SEATTLE, Feb. 6, 2013 – Swedish Neuroscience Institute has added a new and innovative therapy to its treatment arsenal for glioblastoma multiforme (GBM) – a very aggressive and difficult to control brain tumor.
'Neuroscience Institute' posts
I met with several patients this week to discuss their personal journey to making the decision to pursue DBS surgery. Not surprisingly, they were well educated about their disease and treatment options.
Each patient reminded me that there is a lot of information and misinformation about surgery for movement disorders.
The most important advice I can give any patient or family is...
Choosing to undergo elective deep brain stimulation (DBS) surgery is a big deal.
I have walked through the process with hundreds of patients over the past 10 years and see many struggle with the choice to undergo brain surgery, as they seek to improve their quality of life. Many people have adapted to compensate for the movement disorder with creativity and determination.
In spite of this, after the best medical options have been exhausted, DBS is increasingly offered as a viable treatment option.
Keys to making the best decision for you are:
SEATTLE, Nov. 29, 2012 - Swedish Medical Center announced today that the Ben and Catherine Ivy Center for Advanced Brain Tumor Treatment (Ivy Center) will receive an additional $2.5 million grant from the Ben & Catherine Ivy Foundation (Ivy Foundation). The grant, the second received from the Ivy Foundation in three years, will be used to identify new drugs with potential for clinical use in brain cancer treatment.
Nearly everyone notices vision problems, especially as you get older. In the great majority of cases, this is simply due to changes in the focusing capacity of the lens, and the solution is wearing glasses. However, it isn’t safe to assume that this is always the case. It’s important to have your eyes examined by a trained professional to determine whether something more serious is affecting the eye or the vision nerve.
In the video below you’ll learn about something I commonly see in my practice – vision loss from a tumor of the pituitary gland that is putting pressure on the vision nerves. This type of vision loss typically reduces the peripheral vision to either side. This can be diagnosed by a test at the eye doctor called Visual Fields. As in this case, a relatively simple operation can reverse the vision problem before it becomes permanent. The key is early diagnosis. If you notice that your peripheral vision is affected, ask your eye doctor to check visual fields.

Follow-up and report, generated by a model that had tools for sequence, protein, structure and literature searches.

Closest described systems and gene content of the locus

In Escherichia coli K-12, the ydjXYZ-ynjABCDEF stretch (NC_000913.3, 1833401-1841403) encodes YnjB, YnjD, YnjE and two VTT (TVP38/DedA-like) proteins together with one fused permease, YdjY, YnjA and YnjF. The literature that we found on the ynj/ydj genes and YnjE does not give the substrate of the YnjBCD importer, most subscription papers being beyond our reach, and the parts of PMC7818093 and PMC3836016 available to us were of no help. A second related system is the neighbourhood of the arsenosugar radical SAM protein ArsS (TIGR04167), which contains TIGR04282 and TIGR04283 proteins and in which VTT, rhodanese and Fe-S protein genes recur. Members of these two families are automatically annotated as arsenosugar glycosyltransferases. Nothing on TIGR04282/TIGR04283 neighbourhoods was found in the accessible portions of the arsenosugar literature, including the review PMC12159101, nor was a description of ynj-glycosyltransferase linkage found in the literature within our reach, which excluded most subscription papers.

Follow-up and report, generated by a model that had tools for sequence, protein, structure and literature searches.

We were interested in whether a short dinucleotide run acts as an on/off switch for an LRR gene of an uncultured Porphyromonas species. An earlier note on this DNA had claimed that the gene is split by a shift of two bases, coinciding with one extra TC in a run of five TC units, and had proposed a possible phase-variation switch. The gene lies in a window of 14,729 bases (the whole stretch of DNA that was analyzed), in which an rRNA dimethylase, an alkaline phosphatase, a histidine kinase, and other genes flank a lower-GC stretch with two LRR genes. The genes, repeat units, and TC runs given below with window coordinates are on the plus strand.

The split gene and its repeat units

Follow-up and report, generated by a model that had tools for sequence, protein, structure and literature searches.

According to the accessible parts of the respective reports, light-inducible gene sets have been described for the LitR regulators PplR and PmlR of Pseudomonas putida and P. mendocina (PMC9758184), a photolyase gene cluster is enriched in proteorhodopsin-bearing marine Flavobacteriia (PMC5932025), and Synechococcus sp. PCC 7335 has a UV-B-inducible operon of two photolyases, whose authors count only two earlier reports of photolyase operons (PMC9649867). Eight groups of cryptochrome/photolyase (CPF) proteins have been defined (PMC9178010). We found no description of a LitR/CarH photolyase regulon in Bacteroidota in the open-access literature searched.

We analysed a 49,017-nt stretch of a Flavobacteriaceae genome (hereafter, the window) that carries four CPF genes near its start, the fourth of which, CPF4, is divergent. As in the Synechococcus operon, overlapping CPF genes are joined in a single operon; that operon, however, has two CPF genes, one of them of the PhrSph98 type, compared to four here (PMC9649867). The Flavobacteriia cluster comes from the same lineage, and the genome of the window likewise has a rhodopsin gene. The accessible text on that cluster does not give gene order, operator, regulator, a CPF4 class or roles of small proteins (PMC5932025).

Before they learn to crawl or walk, about 10,000 babies every year in the United States will develop a condition that will change how they will do just that. Cerebral palsy (CP) is a neurological condition caused by a brain injury before birth, during delivery or before a child’s second birthday. An estimated 800,000 Americans live with CP.
The most common symptom in CP is spasticity, an increase in muscle tension that impairs proper movement. Abnormal postures or movements, weakness or loss of muscle control and rigidity are also part of the constellation of CP signs and symptoms. While physical therapy remains the cornerstone for treatment, new medications and therapies for CP are being developed to help improve and manage symptoms.
Currently, Swedish Neuroscience Institute is participating in a study to determine the safety and tolerability of one such medication. Dalfampridine (AMPYRA ®) is a medication currently used to help improve walking speed in multiple sclerosis (MS) patients. This phase I clinical trial aims to evaluate AMPYRA’s® safety, tolerability and its effect on sensorimotor function of adults with CP. The study will look at how single and multiple doses of the medication have on CP patients, including:
- Hand strength
- Manual dexterity
- Walking speed
There is no cure for cerebral palsy. Therapies for CP ...
Who likes thinking about stroke? It’s scary! But when we talk about it, we learn how to prevent and treat it. With quick and careful treatment—from diet and exercise to medications and guided rehabilitation—life can go on happily and healthily after stroke. But first of all, we need to start the conversation. So let’s chat.
You: What is a stroke?
Me: A stroke occurs when a clot of blood gets stuck in your brain or a blood vessel in your brain bursts. Many factors can increase your risk for stroke. Do you have high blood pressure, high cholesterol or diabetes? Do you smoke or are you overweight? Take this free risk assessment to see if you might be at risk for stroke.
You: How do I know if it’s a stroke?
Me: If you or a loved one has a stroke, check for signs and call 911 as soon as possible. When a stroke occurs, blood cannot get to parts of the brain that control speech and movement. When you notice these signs, the key is to think and act “FAST:”
F – Face: If...